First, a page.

JPMorgan declined to be interviewed but provided a written response saying it regrets Rolfe's loss. The bank said it had followed exactly the procedure Rolfe had agreed to for transferring funds.

Rolfe says the bank should be held liable because the size, frequency and destination of the fraudulent transfers were completely out of character for his account.

"There should have been 15 or 20 different red flags that would have gone up in our account if the bank had been paying any attention to these requests," Rolfe says. He argues there's a flaw in the legal system if banks are not responsible for providing that type of protection.

The law does require banks, under the Uniform Commercial Code, to offer business customers a "commercially reasonable" security protocol. If the bank follows that protocol, it can refuse to reimburse businesses that are victims of fraudulent money transfers.

Mark Patterson is now very familiar with the rules. A few years ago, his company, PATCO Construction, based in Sanford, Maine, was the victim of cyberfraud. He described it in detail as he inspected work on some townhouses his company is building in Kennebunk, Maine.

He said that over consecutive nights, about $100,000 a night was taken out of PATCO's checking account. By the time his chief financial officer discovered it, Patterson says, "we were down about $545,000."

Patterson thought his bank, Ocean Bank, would reimburse him. It refused, and he sued. Patterson says the bank threw a huge amount of resources at the case. He says he discovered in mediation that the bank had spent "in excess of $1.2 million fighting this, when we offered to settle this for $200,000."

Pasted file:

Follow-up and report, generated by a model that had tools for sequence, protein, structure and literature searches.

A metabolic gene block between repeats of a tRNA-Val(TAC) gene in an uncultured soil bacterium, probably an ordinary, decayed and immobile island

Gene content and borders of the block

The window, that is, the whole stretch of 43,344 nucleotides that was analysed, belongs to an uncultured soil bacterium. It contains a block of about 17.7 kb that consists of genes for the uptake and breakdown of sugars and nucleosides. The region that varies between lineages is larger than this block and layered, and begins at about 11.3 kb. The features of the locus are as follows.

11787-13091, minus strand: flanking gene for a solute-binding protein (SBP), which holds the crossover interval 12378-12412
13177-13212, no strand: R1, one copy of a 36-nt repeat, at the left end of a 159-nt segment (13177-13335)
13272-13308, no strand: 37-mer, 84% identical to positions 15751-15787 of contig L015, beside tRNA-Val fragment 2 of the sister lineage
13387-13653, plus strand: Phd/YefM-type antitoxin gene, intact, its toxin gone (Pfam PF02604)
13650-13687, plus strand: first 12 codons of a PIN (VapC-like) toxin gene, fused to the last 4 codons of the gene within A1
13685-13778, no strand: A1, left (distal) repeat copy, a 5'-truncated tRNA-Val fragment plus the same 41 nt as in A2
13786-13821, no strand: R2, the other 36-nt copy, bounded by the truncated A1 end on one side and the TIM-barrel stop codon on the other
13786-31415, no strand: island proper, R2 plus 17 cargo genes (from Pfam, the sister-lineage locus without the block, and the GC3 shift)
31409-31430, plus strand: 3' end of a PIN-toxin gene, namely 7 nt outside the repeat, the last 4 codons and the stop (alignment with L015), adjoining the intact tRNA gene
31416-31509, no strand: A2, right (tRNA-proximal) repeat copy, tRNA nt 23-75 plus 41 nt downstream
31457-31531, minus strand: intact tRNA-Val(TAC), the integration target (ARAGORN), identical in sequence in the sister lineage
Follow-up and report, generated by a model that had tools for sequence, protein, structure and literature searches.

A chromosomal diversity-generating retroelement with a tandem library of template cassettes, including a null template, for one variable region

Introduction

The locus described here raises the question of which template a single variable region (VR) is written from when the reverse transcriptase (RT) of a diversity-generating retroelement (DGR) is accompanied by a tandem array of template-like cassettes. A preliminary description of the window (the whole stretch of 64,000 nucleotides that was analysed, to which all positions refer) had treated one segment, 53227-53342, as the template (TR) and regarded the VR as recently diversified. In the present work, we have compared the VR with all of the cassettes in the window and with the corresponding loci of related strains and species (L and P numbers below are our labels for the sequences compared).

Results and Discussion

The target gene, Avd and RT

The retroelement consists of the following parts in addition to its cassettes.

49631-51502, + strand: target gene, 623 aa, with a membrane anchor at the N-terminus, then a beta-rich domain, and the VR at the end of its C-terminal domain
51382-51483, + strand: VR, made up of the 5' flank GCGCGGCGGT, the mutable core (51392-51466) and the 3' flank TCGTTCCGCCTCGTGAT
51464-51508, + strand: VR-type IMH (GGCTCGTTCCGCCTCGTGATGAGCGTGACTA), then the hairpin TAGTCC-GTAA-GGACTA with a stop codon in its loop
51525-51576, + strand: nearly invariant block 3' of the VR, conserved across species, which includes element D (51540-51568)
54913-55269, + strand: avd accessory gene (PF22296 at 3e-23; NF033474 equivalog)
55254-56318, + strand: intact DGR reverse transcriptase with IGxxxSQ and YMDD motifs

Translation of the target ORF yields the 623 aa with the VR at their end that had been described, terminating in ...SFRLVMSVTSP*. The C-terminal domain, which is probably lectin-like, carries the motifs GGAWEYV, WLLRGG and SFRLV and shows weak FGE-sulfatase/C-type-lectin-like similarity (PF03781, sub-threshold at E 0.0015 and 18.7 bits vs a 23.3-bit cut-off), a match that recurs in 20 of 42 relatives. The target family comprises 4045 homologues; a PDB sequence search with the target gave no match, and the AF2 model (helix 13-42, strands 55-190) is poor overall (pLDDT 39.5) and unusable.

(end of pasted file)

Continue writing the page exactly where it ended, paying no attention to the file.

PATCO lost the first round but won on appeal when a panel of judges concluded Ocean Bank's security had not been commercially reasonable.

Patterson thinks the law should be changed to make banks shoulder more responsibility for cybercrime losses at small businesses.

Stuart Rolfe agrees. "I think it's as simple as saying that banks are in the best position to be able to provide this type of protection," he says.

Doug Johnson, a senior vice president who oversees cybersecurity policy at the American Bankers Association, rejects the idea that banks should bear greater responsibility.

"If we gave small businesses that now have to abide by the Uniform Commercial Code those additional protections, then what we do is we take away some of the incentives that they have to have the proper levels of security within their organizations," Johnson says.

Mark Patterson says that logic runs both ways. "Let's just say they don't necessarily put the same amount of effort in if it's your nickel that might be lost," he says.

Patterson has been to Washington several times to try to convince members of Congress to shift more responsibility to the banks in these cyberfraud cases. He says he hasn't had any luck.

Johnson says the best way forward is for banks to inform their customers about the dangers they face so they can work together to beat the bad guys. He offers these tips to businesses: educate your employees, change passwords often, require two-person approval for fund transfers, and dedicate a single computer to be used only for financial transactions.

Copyright 2021 NPR. To see more, visit https://www.npr.org.

John Ydstie has covered the economy, Wall Street, and the Federal Reserve at NPR for nearly three decades. Over the years, NPR has also employed Ydstie's reporting skills to cover major stories like the aftermath of Sept. 11, Hurricane Katrina, the Jack Abramoff lobbying scandal, and the implementation of the Affordable Care Act. He was a lead reporter in NPR's coverage of the global financial crisis and the Great Recession, as well as the network's coverage of President Trump's economic policies. Ydstie has also been a guest host on the NPR news programs Morning Edition, All Things Considered, and Weekend Edition. Ydstie stepped back from full-time reporting in late 2018, but plans to continue to contribute to NPR through part-time assignments and work on special projects.